Saturday, April 20, 2013

Starting Seed Indoors

In hopes that spring is indeed coming to North Dakota eventually, today's post is about gardening.  Oddly enough, on Monday the school that I teach at had a 2 hour late start because of a snow storm on Sunday.  Yes it snows a lot in North Dakota but it is not a usual occurrence to get 10 inches of snow in mid-April.  I know that the Minnesotans are feeling our pain as well since many of my teacher friends in our neighbor state had 2 hour late starts or no school yesterday (the 19th of April!!).  We all have to believe that spring will indeed come and eventually summer as well.  With that in mind, I have started my vegetable plants indoors.

This is the 3rd year that I have done this and it has been quite successful.  My set-up is fairly inexpensive and anyone can do it. I have it set up in my basement.
The supplies necessary are:
  1. A wire shelving unit-the one I have is from Target-wait for a sale and you can get one for around $30
  2. 2 shop lights-about $25-30 a piece
  3. Bulbs for shop lights-you don't need special plant bulbs, I just use regular old fluorescent ones.
  4. A couple of s-hooks-really cheap at any hardware store
  5. 2 jiffy pot kits with plant warmers-They are usually about $35 a piece but I got the second one for $25 because it was on clearance.  The plant warmers are necessary for our cold unfinished basement but you may not need them if you are setting yours up in a heated area.
  6. A power strip for plugging in the lights and warmers

The s-hooks are essential because they allow you to adjust the shop lights.  You want them to be as close to the seedlings as possible without touching them.  For planting the seeds follow the instructions on the jiffy pot units and the seed packets to see how many weeks they need to be planted before moving outside.  I don't turn the lights on until I have a lot of seedlings popping up.  While the seeds are germinating I keep the lids on and then prop them open a little bit once the first seedlings start to appear.  Here is a look at my tomato seedlings.  Notice how low I have the lights.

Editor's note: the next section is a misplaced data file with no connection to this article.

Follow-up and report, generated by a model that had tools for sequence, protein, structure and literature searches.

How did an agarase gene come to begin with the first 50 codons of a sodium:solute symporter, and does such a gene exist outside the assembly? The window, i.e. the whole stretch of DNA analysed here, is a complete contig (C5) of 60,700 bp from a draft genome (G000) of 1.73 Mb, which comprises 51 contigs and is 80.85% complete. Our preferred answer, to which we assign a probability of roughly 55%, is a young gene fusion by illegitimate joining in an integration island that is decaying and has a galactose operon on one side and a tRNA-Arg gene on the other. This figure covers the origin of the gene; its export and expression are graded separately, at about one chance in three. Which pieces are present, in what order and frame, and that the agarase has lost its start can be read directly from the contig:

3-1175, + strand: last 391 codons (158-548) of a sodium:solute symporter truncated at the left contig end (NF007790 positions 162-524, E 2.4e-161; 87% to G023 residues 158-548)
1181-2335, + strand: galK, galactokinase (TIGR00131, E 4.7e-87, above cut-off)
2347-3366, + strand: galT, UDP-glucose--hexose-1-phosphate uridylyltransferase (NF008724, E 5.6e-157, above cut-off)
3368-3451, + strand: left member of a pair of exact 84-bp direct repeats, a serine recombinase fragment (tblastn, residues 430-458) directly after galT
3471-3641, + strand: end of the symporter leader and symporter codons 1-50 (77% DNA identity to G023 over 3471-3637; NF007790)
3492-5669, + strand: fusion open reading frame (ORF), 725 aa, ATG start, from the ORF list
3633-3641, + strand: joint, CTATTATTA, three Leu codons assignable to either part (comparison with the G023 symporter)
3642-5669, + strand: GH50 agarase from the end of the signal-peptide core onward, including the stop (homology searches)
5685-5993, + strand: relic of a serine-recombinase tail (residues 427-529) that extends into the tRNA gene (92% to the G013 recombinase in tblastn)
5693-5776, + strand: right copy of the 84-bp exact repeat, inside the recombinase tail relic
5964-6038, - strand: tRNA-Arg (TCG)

Once the plants grow too large for the jiffy pots, I transplant them to larger pots.  Here are is a look at the various peppers and tomatoes from 2 years ago

My first year I only had one seed flat and no warmer.  I only grew perennials and herbs that year and the success was not great.  The black-eyed susans were a product of my first year of starting seeds indoors. 

When it is time to plant them outdoors, you need to expose them gradually.  This is called hardening them off.  I start by putting mine on the porch for a few hours, then eventually outside for parts of days.  The biggest adjustments for my little plants in North Dakota is the wind.  My second year I decided to grow tomatoes and peppers and since our rental house had hardly any yard, I decided to grow them in containers.  The first year they did really well and I had so many banana peppers that I ended up canning a banana pepper mustard (we still have 3 or 4 jars left).  Last year I had some problems with end rot on the tomatoes.  They also had to suffer the trauma of having their containers moved since we moved mid-summer last year.

This year I am excited to have a backyard and plan to plant them in a raised vegetable garden.  The peppers will be planted in the containers still.  I also decided to grow squash, green beans, and cucumbers this year.  I cannot wait to get outside and start gardening.  Come on North Dakota, bring me some spring!

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